Europe open: Stocks edge higher despite slide in Daimler's shares
Stocks have started the morning slightly higher buoyed by hopes for easier central bank policy and a record close on the Dow Jones Industrial overnight, although international trade concerns continued to be very much present.
"Equity markets in the US rallied yesterday as traders remain hopeful the Federal Reserve will cut interest rates. Dealers remain divided as the size of the cut and when we might see the rates being lowered, but the view across the board is that monetary policy will be loosened," said David Madden, analyst at CMC Markets UK.
Nevertheless, Chinese import data released overnight revealed a larger than expected drop in Chinese imports of -7.3% in June (consensus: -4.5%), stoking concern over weak domestic demand in the Asian giant.
Ahead of those figures, Singapore's highly-dependent export driven economy was reported to have shrunk at a 3.4% quarter-on-quarter pace in the second quarter of 2019, underscoring the costs of the ongoing global trade tensions.
On a more positive note, US and Eurozone officials are making positive sounding noises around trade talks between the two blocs, with the US Trading Representative having reportedly said that it was in the interest of both to avoid an escalation.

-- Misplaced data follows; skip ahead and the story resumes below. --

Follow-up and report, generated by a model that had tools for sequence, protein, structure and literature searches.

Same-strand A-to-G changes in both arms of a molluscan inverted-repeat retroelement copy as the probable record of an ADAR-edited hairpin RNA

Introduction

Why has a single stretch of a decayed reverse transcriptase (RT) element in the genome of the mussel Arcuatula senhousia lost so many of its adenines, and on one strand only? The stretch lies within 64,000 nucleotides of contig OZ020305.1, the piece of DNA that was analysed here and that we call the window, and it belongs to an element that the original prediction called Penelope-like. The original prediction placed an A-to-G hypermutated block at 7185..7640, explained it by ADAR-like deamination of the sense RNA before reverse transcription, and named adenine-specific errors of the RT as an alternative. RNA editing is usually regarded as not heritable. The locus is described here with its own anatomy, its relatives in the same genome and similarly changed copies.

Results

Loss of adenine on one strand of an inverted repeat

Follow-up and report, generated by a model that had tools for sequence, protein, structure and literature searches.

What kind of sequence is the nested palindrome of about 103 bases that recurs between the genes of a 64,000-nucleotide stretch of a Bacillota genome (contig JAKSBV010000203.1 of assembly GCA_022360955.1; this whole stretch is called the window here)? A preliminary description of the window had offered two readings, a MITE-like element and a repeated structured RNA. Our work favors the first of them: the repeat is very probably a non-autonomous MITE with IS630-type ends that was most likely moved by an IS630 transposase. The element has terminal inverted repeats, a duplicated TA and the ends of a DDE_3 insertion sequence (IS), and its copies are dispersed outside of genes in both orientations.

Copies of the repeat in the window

As of 0931 BST, the benchmark Stoxx 600 was adding 0.21% to 387.53, while the Dax was edging up by 0.06% to 12,339.41 with an advance of 0.50% in the French Cac-40 alongside.
Meanwhile, front month Brent crude oil futures were jumping 1.06% to $67.23 on the back of forecasts that tropical storm Barry will turn into a hurricane as it approaches the US Louisiana coast.
In parallel, euro/dollar was a tad higher, adding 0.08% to 1.12637.
To take note of, reports indicated that Turkey might be slapped with US sanctions after accepting delivery of the first units of a Russian-made missile defence system.
There was some positive news to be had on the economic front with Eurostat reporting a 0.9% rise in Eurozone industrial output for May (consensus: 0.2%).
Over in Spain meanwhile, the country's national statistics office confirmed a dip in the year-on-year rate of increase for harmonised consumer prices from 0.9% for May to 0.6% in June.
Investors in Daimler got run over at the end of the week after the German carmaker issued its fourth profit warning in just a little over a year, placing the blame on the costs associated with the recall of faulty airbags and higher provisions to deal with the diesel emissions scandal.
Shares of Anheuser Busch-Inbev were lower after Bloomberg reported, citing people familiar with the matter, that it was finding it hard to price the flotation of its Asia Pacific unit on the Hong Kong stock exchange.